For centuries, 'our national pride', the date, has yielded up its natural goodness in the production of cosmetics, beauty products and skin remedies.
You think dates are only for eating?
LIWA // Something strange is simmering in Fatima al Mohairbi's kitchen, and while it may smell sweet and delicious, it is destined for the bathroom rather than the dinner table.
Mrs al Mohairbi swears by her beautifying date soaps, which emerge from the kitchen transparent, or in light shades of brown or yellow. Carefully preparing them over the past five years, she uses the products herself while selling them at her stall at the Liwa Date Festival. Mrs al Mohairbi is among several women who have found cosmetic uses for the fruit - in addition to soap, there are oil perfumes, eyeliners and body scrubs - after finding inspiration at the festival.
"I wanted to come up with something unique that everyone could use," said Mrs al Mohairbi, 31. "And I wanted it to be luxurious at the same time." She learned how to manufacture soap on the internet, trying out the different recipes as her daughter read out the instructions. "Nobody taught me how to do it, I did it all by myself," she said, with a smile. A bar of her date soap costs Dh50 and takes about 24 hours to make, a process she keeps under strict wraps, calling it a "trade secret".
The soaps are made using only natural ingredients, with added vitamin E, out of "our national pride, the date", said the mother of three. At the stall next door to Mrs al Mohairbi, Noura al Mazrouie is selling "newa kohl": eyeliner made from ground up date seeds. "Every bit of the date is beneficial," said the 46-year-old mother of eight. The idea came to her as she dwelt on the wastefulness of throwing away hundreds of date seeds in her household each week, and wondered whether they could be put to good use.
"It seemed like a waste," she said. "Since Allah gave us the palm tree and its fruits to be used to their fullest potential, I decided there must be some use for the seed itself." She remembered something the elders in her family used to say: that besides its health benefits, the "newa" of the date was used as kohl in the time of the Prophet Mohammed. One day more than a year ago, instead of throwing them away, she cleaned a whole pile of the seeds and left them to dry in the sun.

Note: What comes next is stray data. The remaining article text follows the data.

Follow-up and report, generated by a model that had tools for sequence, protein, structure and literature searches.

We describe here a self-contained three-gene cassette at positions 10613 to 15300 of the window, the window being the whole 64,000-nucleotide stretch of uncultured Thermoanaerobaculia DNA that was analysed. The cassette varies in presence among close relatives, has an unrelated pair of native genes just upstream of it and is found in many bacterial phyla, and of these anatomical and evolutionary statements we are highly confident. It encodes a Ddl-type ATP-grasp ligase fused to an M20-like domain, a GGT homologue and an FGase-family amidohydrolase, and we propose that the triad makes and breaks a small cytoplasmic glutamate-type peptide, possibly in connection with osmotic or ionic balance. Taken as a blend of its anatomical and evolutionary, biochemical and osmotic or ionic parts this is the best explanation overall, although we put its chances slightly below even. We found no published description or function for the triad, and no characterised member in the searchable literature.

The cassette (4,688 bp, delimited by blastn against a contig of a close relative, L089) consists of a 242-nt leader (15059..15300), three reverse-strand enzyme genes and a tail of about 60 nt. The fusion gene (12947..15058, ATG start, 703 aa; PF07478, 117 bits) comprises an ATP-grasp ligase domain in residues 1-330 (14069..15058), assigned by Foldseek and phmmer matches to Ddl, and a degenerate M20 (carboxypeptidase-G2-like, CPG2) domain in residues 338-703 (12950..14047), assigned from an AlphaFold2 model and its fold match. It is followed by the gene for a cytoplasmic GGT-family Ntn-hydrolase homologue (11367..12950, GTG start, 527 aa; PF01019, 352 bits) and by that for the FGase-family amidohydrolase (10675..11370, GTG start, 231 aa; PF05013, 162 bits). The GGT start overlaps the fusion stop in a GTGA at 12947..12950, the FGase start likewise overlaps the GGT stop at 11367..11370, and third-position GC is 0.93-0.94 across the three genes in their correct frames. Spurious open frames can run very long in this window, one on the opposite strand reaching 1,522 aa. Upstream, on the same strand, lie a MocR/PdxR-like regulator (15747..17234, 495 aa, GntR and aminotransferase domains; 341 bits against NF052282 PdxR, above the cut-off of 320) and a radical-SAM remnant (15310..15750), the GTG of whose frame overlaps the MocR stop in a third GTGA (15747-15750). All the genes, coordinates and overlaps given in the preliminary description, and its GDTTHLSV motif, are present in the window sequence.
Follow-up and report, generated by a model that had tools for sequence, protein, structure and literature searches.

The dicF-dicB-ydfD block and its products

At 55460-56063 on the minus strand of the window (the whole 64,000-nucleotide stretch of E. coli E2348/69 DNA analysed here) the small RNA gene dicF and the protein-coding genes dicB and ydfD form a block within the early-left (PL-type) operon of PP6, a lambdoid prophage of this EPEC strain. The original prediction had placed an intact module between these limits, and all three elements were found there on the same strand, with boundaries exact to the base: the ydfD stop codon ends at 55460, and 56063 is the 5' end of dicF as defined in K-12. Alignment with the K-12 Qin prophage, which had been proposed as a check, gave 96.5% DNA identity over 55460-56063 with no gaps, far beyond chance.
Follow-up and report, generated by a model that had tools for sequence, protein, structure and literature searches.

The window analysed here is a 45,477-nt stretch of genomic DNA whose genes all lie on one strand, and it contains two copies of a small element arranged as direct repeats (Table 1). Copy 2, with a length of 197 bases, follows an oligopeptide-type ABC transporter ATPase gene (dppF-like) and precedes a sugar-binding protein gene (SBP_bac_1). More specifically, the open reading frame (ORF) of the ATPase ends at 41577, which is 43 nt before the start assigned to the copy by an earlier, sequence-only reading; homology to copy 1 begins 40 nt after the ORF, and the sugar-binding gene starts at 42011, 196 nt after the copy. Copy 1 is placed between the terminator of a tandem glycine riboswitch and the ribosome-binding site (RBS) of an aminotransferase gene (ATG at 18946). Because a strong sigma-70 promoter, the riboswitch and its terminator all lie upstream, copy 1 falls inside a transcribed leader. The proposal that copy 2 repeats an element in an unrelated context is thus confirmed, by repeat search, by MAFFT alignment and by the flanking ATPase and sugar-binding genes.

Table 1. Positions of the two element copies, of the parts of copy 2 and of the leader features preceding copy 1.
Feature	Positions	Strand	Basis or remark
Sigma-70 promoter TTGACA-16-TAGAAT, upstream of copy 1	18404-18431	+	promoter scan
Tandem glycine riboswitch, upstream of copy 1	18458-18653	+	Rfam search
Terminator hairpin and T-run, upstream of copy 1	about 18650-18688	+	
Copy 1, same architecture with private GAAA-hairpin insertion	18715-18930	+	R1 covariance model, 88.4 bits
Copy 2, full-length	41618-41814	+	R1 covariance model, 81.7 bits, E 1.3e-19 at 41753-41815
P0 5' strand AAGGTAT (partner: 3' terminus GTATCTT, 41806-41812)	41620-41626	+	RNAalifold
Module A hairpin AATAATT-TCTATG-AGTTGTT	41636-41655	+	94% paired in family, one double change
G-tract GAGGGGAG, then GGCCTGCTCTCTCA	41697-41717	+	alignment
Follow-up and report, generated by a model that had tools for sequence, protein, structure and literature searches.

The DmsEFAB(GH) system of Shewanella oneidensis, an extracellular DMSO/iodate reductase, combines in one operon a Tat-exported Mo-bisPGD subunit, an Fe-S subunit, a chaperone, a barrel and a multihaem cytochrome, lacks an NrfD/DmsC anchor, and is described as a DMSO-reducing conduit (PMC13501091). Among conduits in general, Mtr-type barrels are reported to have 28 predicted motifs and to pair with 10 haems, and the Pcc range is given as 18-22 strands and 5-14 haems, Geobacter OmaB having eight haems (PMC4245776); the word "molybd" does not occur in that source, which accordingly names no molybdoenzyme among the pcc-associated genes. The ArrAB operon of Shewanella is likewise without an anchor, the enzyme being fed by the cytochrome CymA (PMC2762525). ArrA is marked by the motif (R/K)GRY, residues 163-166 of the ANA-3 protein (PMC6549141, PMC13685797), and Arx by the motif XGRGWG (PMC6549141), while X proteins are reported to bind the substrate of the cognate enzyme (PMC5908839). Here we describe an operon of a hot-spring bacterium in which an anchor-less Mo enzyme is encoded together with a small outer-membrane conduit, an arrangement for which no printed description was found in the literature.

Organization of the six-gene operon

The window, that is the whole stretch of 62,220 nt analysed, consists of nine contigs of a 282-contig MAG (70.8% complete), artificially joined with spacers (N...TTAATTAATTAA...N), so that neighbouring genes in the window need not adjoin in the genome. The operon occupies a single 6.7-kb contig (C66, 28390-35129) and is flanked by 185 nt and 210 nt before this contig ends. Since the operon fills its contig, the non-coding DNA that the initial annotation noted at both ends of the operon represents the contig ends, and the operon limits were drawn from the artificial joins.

She then burned them on the stove, crushed them, and used the cloth of her scarf to filter through the finest powder to be used as kohl. "The wetness of the eye will keep it from smudging, and at the same time, it is all natural and doesn't cause any allergies," she said, retouching her eyes under the gaze of curious onlookers at the festival. The thumb-size bottle of kohl with its applicator sells at Dh80, packaged inside gold or silver purses.
"I dare anyone to tell me this is not healthy, for the Prophet himself said that the crushed seed helps in the thickening of eye lashes," said Mrs al Mazrouie. Both women have sent off their products to be patented, and have already been approached by investors wishing to partner with them in marketing their beauty products. They would like to see their wares form part of a line promoting dates as an Emirati beauty secret.
Besides the soap and eyeliner, date body scrubs, oil perfumes and even date coffee are all on sale at the various stalls. One visitor to the festival, Amina Abbas, was impressed with the wide array of products manufactured from a single fruit. "It is quite amazing that these women have come up with such different and unique uses of the date," she said. "I am sure that a date kohl is safer than a charcoal or artificial one."
And the humble craft of soap manufacturer represented a return to a "natural and organic" tradition, she said. Mrs al Mohairbi concurred. "Just look at the date. It has a smooth skin and a gentle smell and colour. It is a beautiful fruit in every sense." @Email:email@example.com